Their children were Elizabeth, born about 1798, Susan, Aaron 1801, William 1811, Archibald G. 17 April 1814, Isaac 1815, and Thomas Henley 1816.
Thomas Henley Wimpy died in Van Zant, Palo Pinto County, Texas, in 1879, and had a son, Archibald Lumpkin Wimpey, born 7 August 1837 in Van Zant, and died 23 July 1900 in Lumpkin County, Georgia. Archibald Lumpkin married Elizabeth J. Shepherd, of whom nothing else is known. It is intriguing, however, that there are two Shepherd families in the family three, this one and that of Anne Shepherd, in Anna Rosinda Gipson’s ancestry.

The elder Archibald Wimpey’s father was David D Wimpey, who was born 1746 in Lunenburg, Virginia, and died in 1811 in Pendleton. His mother was Jerusha ?, born 1745 in Lunenburg. They were married in 1765 in Johnston County, North Carolina. They had seven children but I do not know all their names.

David D. Wimpey’s parents were English. His father was John Newton Wimpy, born 1710 in England, and died 1762 in Lunenburg. His wife’s name was Mary, last name unknown, born 1710 in England and died 1761 in Lunenburg. They had three children but I do not know all their names.

The Brownlow Fortune

There is a legend in the Brownlow family of a large inheritance, but it has never been substantiated. Jason Edwards related the following informaiton:

 " I grew up hearing about how all of J. A. H.’s children were supposed to have inherited some sort of fortune or property in Oklahoma. I do have an undated article out of the Atlanta Constitution from the late 1920’s that tells about how “The City of Oklahoma City Seeks Heirs to Vast Estate”. In the article it lists the children of J. A. H., including Aunt Tavey, as the heirs of Archibald Wimpy Brownlow. I have never been able to figure out who this person was. Naomi thought that he was really a Wimpy cousin and not a Brownlow. Her mother remembered when he stopped by on the train in Kingston to see the family on his way 'out west.' She told how Aunt Emily [Emily Doster Phillips Brownlow]  and Mama Brownlow [Sarah Elizabeth Philips Brownlow] cried when he left and he told them not to cry, that he was going “to make them a fortune”. This would’ve been in the late 1880’s or very early 1890’s. Aunt Mattie remembered that when the article came out in the Atlanta paper the family gathered at Daddy Bud’s [James Madison Brownlow] house and some men 'in a black car, wearing black suits' came from Chattanooga to talk to the family. She wasn’t in the room when this was going on, she was about 14, but she seemed to think they were lawyers. At that time, and again in the 1950s, family members traveled to Oklahoma to see what they could dig up but were unsuccessful at finding out anything about “Archibald Wimpy Brownlow” or the “Brownlow Fortune”. I don’t profess to know if it ever existed or not but most branches of the family have a version of the legend."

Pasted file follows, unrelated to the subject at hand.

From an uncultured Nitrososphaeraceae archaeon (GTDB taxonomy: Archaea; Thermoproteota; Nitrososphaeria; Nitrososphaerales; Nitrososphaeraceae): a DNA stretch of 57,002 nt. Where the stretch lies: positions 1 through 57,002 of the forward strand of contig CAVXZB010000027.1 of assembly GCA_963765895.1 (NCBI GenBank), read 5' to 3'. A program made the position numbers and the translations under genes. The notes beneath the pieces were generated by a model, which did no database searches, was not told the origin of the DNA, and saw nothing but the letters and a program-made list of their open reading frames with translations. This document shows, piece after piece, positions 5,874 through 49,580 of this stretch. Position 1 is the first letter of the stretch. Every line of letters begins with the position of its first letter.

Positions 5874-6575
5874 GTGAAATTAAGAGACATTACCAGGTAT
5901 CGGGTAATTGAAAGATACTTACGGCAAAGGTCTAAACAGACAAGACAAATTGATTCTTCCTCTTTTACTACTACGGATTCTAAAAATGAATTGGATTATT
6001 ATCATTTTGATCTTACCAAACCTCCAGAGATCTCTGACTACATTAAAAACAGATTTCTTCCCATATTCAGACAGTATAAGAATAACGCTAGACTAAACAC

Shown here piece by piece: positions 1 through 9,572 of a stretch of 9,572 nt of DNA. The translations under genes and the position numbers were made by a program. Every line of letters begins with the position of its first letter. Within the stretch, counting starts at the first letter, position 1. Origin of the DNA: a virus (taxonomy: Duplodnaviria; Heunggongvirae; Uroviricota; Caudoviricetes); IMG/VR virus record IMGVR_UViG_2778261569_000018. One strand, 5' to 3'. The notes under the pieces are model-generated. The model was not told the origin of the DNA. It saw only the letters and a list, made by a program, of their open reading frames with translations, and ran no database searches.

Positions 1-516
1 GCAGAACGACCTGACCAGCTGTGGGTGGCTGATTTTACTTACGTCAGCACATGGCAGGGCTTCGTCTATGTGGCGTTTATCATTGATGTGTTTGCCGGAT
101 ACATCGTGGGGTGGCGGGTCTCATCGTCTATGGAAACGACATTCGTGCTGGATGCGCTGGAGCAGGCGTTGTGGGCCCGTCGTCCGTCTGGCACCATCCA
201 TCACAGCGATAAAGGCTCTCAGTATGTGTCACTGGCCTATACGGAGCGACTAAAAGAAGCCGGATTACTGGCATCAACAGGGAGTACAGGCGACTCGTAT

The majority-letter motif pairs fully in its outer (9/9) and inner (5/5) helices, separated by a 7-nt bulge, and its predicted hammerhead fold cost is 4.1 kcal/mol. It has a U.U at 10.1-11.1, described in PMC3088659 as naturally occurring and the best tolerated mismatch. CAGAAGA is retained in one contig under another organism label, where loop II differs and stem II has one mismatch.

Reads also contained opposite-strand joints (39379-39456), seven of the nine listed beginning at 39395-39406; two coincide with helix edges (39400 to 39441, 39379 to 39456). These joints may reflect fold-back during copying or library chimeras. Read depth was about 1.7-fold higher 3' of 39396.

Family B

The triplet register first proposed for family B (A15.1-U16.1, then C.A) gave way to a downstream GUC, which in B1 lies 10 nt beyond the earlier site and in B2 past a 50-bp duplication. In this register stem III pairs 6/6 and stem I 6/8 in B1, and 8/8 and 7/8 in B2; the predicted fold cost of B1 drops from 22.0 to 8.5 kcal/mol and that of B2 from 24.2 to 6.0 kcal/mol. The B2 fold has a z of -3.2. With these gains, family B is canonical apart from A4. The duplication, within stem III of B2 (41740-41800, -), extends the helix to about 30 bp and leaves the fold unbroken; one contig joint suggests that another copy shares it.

It is worth noting that Susan Wimpey's father was Archibald Wimpey, and he had a grandson named Archibald Lumpkin Wimpy or Wimpey, born 7 August 1837 in Van Zant, and died 23 July 1900 in Lumpkin County, Georgia, as mentioned below. He could possibly be the Archibald of legend. Since "Aunt Emily" and "Mama Brownlow" would probably not have been close to any members of the Brownlow family prior to their marrying into it in 1884 and 1879, respectively, the first event described above could have happened as Jason says. Where Archibald Wimpey lived between 1837 and 1900 is unknown.

John Brownlow

James A. H. Brownlow's grandfather, John Brownlow, fought in the American Revolution. On 29 May 1781, at about 19 years of age, he enlisted in Col. Joseph Mabane's 3rd North Carolina Regiment and fought in the Battle of Lindley's Mill. The battle was an unsuccessful attempt by Patriot troops under Gen. John Butler to free North Carolina Governor Thomas Burke, who had been captured by Tories. John is said to have been wounded 13 times. For more information on his service, see "Our family in wartime."

John Brownlow's family was English and he may have been known as “Plain” John Brownlow. He was born in 1762 in Armagh, Ulster Province, Ireland and died 12 April 1832 in Pendleton, South Carolina. John's family was part of the "Plantation of Ulster," in which the English forcibly removed Irish landowners in Northern Ireland in the early 1600s and replaced them with British, Scotch, and Welsh owners.